At 21 years old and with the title of agricultural technician in his trunk, Felipe Rutini arrived from Italy in 1885. He soon started an emblematic winery
Retiro seemed not to sleep in the 1880s. Day or night, the constant movement of people offered a unique spectacle. They were immigrants that brought the ships from the main European ports.
With 21 years and the title of agricultural technician in his trunk, Felipe Rutini he arrived from Italy in 1885. That was just the first stage. The final destination, the city of Mendoza, I was waiting for him after a hard journey combining strong wagon roads and other sections of the incipient railway.
After supporting himself with some simple tasks, he was hired to work in the residence of the governor of the Cuyo province, located in Rodeo del Medio (Maipú). In 1887, Colonel Rufino Ortega (he was a descendant of the famous Antonio Luis Beruti, French’s companion in the May Revolution) commissioned him to design the park of his property to make it available to the public. We refer to the current Ortega Park.
Pleasant with the ideal atmosphere of the area, the Italian visionary he planted his first vines at a very short distance, in Coquimbito, where specimens from that time are still preserved. He immediately faced three buildings. In addition to his house, a storage shed and a fermentation shed to start with the winery. In 1893 he married Ernesta Cremaschi. They had seven children, three boys (Francisco, Ítalo and Oscar) and four girls (María, Elena, Ernestina and Letizia).
With Luis Passerini and Agustín Ciarpella they founded the La Rural winery in 1895. The idea was to create a marketing channel in Rosario, where Passerini would act as distributor. However, the partnership did not work and in a few months it was dissolved. Anyway, Felipe Rutini continued to produce in his vineyard, under the same commercial name and oriented towards a style that would accompany him from now on: noble grapes for wines of the best quality..
Vineyards and Bodega La Rural, the beginning
In the mid-1920s, the winery began planting vineyards in the Uco Valley
In 1898, he made The RuraHe would return to the ring, this time accompanied by Ángel Cavagnaro, his brother-in-law. They focused on large coastal cities, in addition to the very demanding Buenos Aires. The results were optimal. Viñedos y Bodega La Rural sold two thousand hectoliters of wine in 1900; almost thirteen thousand in 1905 and fifty thousand in 1910. In this last year, Rutini had to buy 34 percent of grapes from third parties to satisfy market requirements.
As of 1913, and due to an emotional issue and the formal education of their children, the family settled in Genoa. Don Felipe embarked several times to move between Italy and Argentina. Seeking to expand commercial horizons, he was a pioneer in the canned tomatoes in Cuyo, a task that he left truncated, since he died in January 1919. Three decades had passed since those first Italian and French vines that he planted in adoptive soil.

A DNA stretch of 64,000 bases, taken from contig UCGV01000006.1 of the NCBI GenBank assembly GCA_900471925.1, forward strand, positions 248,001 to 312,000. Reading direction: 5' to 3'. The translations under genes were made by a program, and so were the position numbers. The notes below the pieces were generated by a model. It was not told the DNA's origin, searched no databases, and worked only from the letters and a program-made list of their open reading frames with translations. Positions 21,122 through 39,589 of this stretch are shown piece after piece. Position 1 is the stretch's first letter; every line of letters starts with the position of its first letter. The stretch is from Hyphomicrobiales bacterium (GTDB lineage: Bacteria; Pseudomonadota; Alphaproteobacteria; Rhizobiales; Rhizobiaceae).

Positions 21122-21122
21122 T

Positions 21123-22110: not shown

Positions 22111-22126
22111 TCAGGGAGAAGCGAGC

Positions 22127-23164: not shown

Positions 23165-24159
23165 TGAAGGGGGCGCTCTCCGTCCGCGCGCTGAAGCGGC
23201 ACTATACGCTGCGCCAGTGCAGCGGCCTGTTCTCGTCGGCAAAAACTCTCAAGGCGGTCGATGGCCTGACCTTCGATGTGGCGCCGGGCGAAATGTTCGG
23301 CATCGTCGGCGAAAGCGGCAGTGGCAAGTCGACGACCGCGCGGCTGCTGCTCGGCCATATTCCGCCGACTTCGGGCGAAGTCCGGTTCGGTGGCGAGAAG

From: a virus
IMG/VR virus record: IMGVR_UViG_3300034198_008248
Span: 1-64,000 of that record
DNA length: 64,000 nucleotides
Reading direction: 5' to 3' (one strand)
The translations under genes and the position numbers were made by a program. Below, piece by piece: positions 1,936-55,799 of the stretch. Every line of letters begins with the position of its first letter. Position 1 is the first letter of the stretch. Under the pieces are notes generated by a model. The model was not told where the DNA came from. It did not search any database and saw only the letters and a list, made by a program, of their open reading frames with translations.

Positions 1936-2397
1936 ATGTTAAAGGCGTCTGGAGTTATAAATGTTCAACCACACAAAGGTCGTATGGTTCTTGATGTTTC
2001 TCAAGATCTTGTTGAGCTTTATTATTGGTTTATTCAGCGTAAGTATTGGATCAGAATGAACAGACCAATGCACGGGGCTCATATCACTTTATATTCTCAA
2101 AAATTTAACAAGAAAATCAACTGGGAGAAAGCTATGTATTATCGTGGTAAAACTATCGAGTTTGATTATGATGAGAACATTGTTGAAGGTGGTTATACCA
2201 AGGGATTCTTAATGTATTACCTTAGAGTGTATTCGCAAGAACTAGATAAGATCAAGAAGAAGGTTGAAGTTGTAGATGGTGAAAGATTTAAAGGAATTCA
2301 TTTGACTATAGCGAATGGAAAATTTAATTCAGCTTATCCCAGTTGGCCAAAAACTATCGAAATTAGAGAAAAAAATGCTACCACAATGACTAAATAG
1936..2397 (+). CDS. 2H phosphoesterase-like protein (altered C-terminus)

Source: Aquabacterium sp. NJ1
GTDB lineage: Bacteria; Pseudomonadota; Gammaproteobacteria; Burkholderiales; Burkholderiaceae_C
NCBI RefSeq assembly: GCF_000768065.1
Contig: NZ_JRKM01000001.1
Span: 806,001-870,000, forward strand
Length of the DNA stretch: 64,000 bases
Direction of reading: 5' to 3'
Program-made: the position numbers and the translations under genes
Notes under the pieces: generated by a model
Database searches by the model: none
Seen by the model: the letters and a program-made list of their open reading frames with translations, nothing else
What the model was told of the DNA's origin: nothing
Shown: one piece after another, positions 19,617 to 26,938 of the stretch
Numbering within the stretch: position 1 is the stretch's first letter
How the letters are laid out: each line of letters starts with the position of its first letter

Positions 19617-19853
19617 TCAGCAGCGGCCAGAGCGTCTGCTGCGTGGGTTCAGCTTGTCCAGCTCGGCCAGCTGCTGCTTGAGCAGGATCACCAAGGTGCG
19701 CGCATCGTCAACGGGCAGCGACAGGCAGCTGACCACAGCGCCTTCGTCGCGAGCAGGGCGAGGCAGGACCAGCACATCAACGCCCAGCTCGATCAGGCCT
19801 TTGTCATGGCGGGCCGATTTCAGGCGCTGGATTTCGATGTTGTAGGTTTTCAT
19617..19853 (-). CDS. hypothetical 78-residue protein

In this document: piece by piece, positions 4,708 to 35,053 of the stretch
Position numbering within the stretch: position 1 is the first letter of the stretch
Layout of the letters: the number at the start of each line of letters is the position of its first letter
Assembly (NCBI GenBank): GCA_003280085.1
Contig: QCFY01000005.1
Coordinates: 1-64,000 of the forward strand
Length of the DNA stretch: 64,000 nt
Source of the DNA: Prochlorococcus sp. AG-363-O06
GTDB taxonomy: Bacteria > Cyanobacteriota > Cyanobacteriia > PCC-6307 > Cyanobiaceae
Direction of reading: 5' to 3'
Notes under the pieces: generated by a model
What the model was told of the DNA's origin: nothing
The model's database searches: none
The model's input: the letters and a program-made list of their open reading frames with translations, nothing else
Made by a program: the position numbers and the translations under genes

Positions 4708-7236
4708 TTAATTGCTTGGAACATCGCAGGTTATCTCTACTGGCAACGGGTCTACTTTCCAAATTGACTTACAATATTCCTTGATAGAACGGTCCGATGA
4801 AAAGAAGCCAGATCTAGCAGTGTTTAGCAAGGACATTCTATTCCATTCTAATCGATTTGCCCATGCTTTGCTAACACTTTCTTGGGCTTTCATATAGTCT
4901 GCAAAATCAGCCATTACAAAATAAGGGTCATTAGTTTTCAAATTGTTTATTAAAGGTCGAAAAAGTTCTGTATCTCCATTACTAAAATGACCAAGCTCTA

In 1923, Ángel Cavagnaro formed a new society with his relatives. In addition to his wife, María Cremaschi, his sister-in-law Ernesta (Rutini’s widow) and his nephews, his own children Santiago and Ángela Cavagnaro (who participated together with her husband, Roberto Furlotti); Luis Riba (married to Elena Rutini) and Francisco Riba also joined.
San Felipe, its most famous brand
Of all its brands, without a doubt, San Felipe was the most famous. It was born in 1925 and its curious container, shaped like a caramele, corresponded to the first bottle of fine wine of Argentina. It was created by Ítalo Rutini and his brother-in-law Luis Riba, who commissioned the original illustration of the label from the Spanish cartoonist Alejandro Sirio, a contributor to Caras y Caretas and the newspaper La Nación, among other media. Sirio did not want to charge for that work that shows the original house of the winemaker with the sheds.
With great vision and knowledge, in the mid-1920s, when the caramanola became a symbol, the cellar began planting vineyards in the Uco Valley. After a few prosperous years, a heavy shadow fell over the global economy. The crisis of 1929 shook all the stabilities, even that of the wine market. The family society was reformulated and continued in the search for noble products.
In 2012, Rutini became oenologically independent from La Rural and opened his own winery in the upper Uco Valley
His project was not short-lived. Generations continued to contribute to the foundation. They had a product that had been imposed and could rebuild the fissures left by the debacle generated by the aforementioned crisis and the Second World War. The process was slow, but it allowed him to stand firm, on the surface, upholding the premise of quality imposed on him by the young agricultural technician who left Italy in search of a dream.
Felipe Rutini wine is born
The Rutini brand acquired great prestige as of 1982, when the winery launched the wine that they baptized with the name of Felipe Rutini. To promote it, the Mendoza house sent personalized bottles with a letter from the firm’s president. In 1985, when Don Felipe arrived one hundred years ago, four hundred boxes were sold. Over time, a peak of 7,500 boxes per year was reached.
From the departure of the Rutini Collection and, in 2001, Trumpeter, Rutini established itself as a leading brand in fine wines. In 2012, Rutini became oenologically independent from La Rural and opened his own winery in the upper Uco Valley, also building an imposing building in Tupungato. To reinforce the products, Rutini unveiled its Encuentros wine, while La Rural launched Cruz Alta.
This very specific dedication has made it recognized today in the area of cult wines. Its image was enlarged with the export, the prizes and distinctions. But, above all, through the tireless pursuit of the motto that he brought from Italy and guided the stubborn patriarch Don Felipe: “Labor et Perseverantia“.